According to George
Leong, contributor to Profit Confidential,
the market for smartphones and tablets is extremely competitive and fierce
because there are hundreds of billions of dollars at stake. In California,
there is a battle in the courtroom between Apple and Samsung,
Leong notes; Apple is suing Samsung for $2.5 billion, because Apple claims the
Samsung smartphones and tablets look and feel like the “iPhone” and “iPad.”
In the article “Heavyweight
Bout—Apple vs. Samsung,” Leong investigates this battleground.
“…When is it illegal
to look at a competitor’s design and mimic it without actually copying it?”
asks Leong. “Yes, Samsung’s ‘Galaxy’ and Apple’s iPhone look similar, but …there
are enough subtle design differences to make Apple’s allegation somewhat
Leong claims that the
Samsung “Galaxy III” has a larger screen than the iPhone.
“The icons look
similar but so do the icons on other smartphones, such as those on the ‘BlackBerry,’
by Research In Motion,” argues Leong. In Leong’s opinion, when he looks the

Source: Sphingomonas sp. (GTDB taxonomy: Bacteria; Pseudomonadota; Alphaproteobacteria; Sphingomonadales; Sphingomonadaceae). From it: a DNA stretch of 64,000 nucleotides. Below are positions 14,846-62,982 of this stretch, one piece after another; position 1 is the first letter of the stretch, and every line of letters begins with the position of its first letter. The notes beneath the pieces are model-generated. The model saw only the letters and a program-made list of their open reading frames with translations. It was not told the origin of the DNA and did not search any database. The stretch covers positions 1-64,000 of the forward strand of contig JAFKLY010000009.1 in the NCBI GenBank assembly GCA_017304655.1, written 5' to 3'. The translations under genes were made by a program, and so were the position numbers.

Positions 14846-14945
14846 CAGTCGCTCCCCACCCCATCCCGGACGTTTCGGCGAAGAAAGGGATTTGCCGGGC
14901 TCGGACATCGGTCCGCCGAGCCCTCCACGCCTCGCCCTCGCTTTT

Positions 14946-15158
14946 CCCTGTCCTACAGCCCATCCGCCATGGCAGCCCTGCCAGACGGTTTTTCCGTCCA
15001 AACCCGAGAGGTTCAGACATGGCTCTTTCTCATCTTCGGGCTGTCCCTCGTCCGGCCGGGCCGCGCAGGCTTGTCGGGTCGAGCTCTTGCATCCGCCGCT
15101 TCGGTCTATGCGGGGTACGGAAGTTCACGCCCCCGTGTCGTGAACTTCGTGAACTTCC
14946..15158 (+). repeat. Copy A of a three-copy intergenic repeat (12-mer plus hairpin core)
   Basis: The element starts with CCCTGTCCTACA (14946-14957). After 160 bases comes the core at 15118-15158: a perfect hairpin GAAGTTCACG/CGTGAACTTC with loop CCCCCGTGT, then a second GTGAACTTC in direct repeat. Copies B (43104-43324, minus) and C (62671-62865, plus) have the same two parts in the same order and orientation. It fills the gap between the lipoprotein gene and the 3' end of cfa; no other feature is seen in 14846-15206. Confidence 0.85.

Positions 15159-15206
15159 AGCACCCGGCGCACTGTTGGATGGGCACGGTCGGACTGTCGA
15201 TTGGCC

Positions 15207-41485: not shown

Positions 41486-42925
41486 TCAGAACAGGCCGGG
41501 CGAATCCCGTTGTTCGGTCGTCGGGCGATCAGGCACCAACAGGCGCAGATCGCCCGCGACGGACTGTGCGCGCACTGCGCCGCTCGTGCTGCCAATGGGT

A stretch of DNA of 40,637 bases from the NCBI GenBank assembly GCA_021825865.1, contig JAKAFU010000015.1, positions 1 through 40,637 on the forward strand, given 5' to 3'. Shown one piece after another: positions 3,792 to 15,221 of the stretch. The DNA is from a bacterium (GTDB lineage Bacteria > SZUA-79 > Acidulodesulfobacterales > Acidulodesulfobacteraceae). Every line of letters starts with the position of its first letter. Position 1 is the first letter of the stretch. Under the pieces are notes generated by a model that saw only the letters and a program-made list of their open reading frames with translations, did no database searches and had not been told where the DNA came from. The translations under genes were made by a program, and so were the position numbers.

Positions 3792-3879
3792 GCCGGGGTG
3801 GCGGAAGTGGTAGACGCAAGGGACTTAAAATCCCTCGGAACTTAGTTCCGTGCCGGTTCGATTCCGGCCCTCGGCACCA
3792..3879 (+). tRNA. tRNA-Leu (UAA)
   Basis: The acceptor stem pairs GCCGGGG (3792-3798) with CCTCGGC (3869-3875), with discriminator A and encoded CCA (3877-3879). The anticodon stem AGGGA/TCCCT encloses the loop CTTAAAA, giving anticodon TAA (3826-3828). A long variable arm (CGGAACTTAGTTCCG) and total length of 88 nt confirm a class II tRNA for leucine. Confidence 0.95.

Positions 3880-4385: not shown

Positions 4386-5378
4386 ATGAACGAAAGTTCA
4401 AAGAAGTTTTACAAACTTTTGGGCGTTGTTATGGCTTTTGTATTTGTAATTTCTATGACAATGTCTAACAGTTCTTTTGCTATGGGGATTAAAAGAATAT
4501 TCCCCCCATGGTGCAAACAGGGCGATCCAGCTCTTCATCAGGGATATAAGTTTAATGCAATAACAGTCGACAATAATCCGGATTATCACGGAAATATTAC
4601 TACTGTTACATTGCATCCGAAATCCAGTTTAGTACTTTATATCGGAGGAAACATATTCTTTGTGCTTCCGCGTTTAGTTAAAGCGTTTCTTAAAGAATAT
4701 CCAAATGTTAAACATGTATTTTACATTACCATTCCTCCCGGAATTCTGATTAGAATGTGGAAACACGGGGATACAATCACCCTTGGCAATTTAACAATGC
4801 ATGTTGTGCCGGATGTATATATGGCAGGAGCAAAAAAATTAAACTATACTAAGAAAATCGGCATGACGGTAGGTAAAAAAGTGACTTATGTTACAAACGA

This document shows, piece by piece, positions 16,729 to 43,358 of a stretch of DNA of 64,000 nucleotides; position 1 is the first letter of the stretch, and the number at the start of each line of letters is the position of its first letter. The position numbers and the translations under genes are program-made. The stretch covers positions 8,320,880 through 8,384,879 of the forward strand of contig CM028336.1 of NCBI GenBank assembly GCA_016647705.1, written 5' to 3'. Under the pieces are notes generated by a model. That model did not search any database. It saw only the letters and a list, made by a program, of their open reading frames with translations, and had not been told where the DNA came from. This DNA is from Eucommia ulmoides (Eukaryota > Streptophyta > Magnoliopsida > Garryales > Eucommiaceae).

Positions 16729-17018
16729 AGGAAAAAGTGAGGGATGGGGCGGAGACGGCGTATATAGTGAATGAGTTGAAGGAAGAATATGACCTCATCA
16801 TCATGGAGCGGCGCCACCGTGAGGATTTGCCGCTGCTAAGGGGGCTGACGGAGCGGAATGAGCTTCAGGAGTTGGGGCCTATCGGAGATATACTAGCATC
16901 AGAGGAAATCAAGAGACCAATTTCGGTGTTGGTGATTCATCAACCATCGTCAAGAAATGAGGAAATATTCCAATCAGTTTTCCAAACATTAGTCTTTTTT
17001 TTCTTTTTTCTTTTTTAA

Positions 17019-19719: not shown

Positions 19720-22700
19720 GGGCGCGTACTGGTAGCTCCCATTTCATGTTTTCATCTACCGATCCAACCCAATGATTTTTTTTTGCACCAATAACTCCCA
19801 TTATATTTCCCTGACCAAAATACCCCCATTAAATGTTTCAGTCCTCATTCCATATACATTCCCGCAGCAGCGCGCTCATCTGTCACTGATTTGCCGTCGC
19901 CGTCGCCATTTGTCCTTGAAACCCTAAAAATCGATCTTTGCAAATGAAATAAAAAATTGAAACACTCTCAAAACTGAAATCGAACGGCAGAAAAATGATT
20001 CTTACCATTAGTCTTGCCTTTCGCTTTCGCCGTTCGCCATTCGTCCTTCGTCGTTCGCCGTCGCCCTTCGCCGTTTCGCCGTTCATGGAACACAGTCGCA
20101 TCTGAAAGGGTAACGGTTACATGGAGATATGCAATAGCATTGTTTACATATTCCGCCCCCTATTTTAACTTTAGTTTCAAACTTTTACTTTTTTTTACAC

Galaxy III, the iPhone doesn’t even cross his mind.
Leong thinks that for
Apple, it is a battle against its biggest rival, since RIM is essentially a
non-player at this time.
“Apple is market
leader in the booming tablet market,” says Leong. “The global market for
tablets is estimated to rise to around $31.9 billion this year with over 100
million units delivered”
Leong believes that
Apple knows this, which is why there is a court battle, as the company wants to
hold onto its market-leader status.
“Samsung is the market
leader and has a firm strangle-hold on the global smartphone market at around
44% versus 17% for upstart Apple,” reports Leong. “Apple is the market leader
in the U.S. with a 31% share versus 24% for Samsung”
Leong concludes by
arguing that the only reason why tablet market leader Apple is suing is that
the company views Samsung as a real threat.
Profit Confidential, which has been published for over a decade
now, has been widely recognized as predicting five major economic events over
the past 10 years. In 2002, Profit
Confidential started advising its readers to buy gold-related investments
when gold traded under $300 an ounce. In 2006, it “begged” its readers to get
out of the housing market...before it plunged.
Profit Confidential was among the first (back in late 2006) to
predict that the U.S. economy would be in a recession by late 2007. The daily
e-letter correctly predicted the crash in the stock market of 2008 and early
2009. And Profit Confidential turned
bullish on stocks in March of 2009 and rode the bear market rally from a Dow
Jones Industrial Average of 6,440 on March 9, 2009, to 12,876 on May 2, 2011, a
gain of 99%.
To see the full
article and to learn more about Profit
Confidential, visit www.profitconfidential.com.